I’m not overly technical. I make no bones about that; but I do have two redeeming characteristics that help overcome this shortfall, however: generally, I’m a quick learner, and while the devil of th details in terms of coding, etc., may well elude me, I can quickly grasp concepts, and meanings; secondly, I’m ready to got out and read-up / find out about things that aren’t obvious to me, even after they’ve been patiently explained.
Which is why, amidst all the Linden spin and twirl, I’ve always appreciated posts from Frank (FJ Linden) Ambrose. Here is one of the few senior members of LL’s staff who is prepared to communicate openly and honestly with residents. His postings are refreshing because they are devoid of spin, and he tends not to simply cherry-pick the rosy replies residents post in response, but actually takes the time to tackle the harder questions and deal with concerns and fears head-on.
This is visibly demonstrated in his latest post on recent updates to in-world services. What is warming about FJ’s posts is the disarming and genuine honesty, We have tried (and failed) in previous attempts to upgrade our mysql version he openly admits, before going on to express both pleasure that the updates performed on Wednesday 6th Jan 2010 went smoothly, and regret at the fact that Residents were still inconvenienced in order for the update to be rolled out.
Personally, I see little cause for regret, Frank: you and your team worked hard to develop this much-needed update, you carefully planned and communicated it to all – and the resulting outage / issues users experienced during the update process were, frankly (no pun intended) absolutely trivial.
Leave us not forget that a few short years ago, this kind of work was regularly shutting down the grid every Wednesday for anywhere from three to six hours at a time; in this respect, the technical bods at Linden Lab have performed a marvellous job, and if anything, they should feel a justified sense of satisfaction in the professional manner in which this update was handled, with residents being “inconvenienced” for around an hour.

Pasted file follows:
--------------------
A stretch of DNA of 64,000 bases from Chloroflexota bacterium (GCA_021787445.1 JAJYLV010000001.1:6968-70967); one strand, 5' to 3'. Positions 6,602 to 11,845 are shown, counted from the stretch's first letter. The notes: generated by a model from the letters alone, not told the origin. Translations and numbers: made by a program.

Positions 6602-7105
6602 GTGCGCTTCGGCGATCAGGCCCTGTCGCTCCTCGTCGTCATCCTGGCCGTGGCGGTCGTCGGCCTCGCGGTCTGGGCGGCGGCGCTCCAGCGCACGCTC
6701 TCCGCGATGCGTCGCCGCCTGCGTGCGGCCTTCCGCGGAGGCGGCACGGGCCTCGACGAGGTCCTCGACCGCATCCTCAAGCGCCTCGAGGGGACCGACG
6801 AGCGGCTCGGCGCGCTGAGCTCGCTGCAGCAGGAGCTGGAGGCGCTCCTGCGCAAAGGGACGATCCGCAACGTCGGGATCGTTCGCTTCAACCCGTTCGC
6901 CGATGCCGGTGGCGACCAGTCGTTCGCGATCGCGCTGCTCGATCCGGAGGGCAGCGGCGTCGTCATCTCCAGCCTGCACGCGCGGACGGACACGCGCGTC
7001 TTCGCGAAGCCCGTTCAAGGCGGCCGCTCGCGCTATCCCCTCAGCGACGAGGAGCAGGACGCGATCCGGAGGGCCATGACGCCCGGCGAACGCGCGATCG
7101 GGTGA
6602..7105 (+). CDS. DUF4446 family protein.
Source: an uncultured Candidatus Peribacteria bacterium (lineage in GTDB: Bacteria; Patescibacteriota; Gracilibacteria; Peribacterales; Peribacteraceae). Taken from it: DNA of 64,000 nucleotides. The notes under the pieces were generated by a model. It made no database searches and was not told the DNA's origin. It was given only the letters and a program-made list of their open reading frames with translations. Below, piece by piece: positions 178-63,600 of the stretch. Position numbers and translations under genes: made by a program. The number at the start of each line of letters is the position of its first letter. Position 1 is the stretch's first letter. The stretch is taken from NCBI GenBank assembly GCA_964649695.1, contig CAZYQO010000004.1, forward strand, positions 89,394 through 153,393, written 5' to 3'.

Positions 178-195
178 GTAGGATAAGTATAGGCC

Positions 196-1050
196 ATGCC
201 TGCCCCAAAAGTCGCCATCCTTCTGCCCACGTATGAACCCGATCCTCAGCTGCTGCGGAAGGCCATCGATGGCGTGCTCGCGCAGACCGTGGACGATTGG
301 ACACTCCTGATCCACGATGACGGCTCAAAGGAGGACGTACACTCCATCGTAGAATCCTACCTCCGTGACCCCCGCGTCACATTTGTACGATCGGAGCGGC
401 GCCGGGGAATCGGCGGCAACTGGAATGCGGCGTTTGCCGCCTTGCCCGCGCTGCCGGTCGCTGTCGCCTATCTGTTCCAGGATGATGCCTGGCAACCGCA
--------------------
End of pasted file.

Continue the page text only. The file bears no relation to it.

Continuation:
FJ’s post is not limited to what has happened, however. Rather than simply dwell on the past, or make (in contrast to others I’ve recently commented on) sweeping generalisations about “future directions”, he takes the time to spell out what he and his team will be looking at in the coming year to further enhance grid performance. Of course, some of the technology being looked at does raise concerns – as shown in the responses from residents on the subject of cloud computing and outsourcing. And again, FJ wins kudos for responding to these concerns, rather than (again as is the wont of some of his colleagues) to sweep past such questions and simply respond with touchy-feely la-la-ness at comments that are more gushing with praise towards LL or which focus on trivialities.
Indeed, his responses are considered and balanced. No promises are made (such as guaranteeing no outsourcing will take place), while every assurance is given (such as LL retaining as much control over data as possible). In this it is again evident that – refreshingly – there are efforts being made in LL to improve the grid not just for a select few or “emerging market”, but for us all.
So thank you again, Frank, for taking the time and effort to make sure our virtual lives suffer minimal disruption during what are very necessary (and beneficial) changes o the grid infrastructure, and for advising us on how you see things developing and the options you and your colleagues are considering for further improvements over time.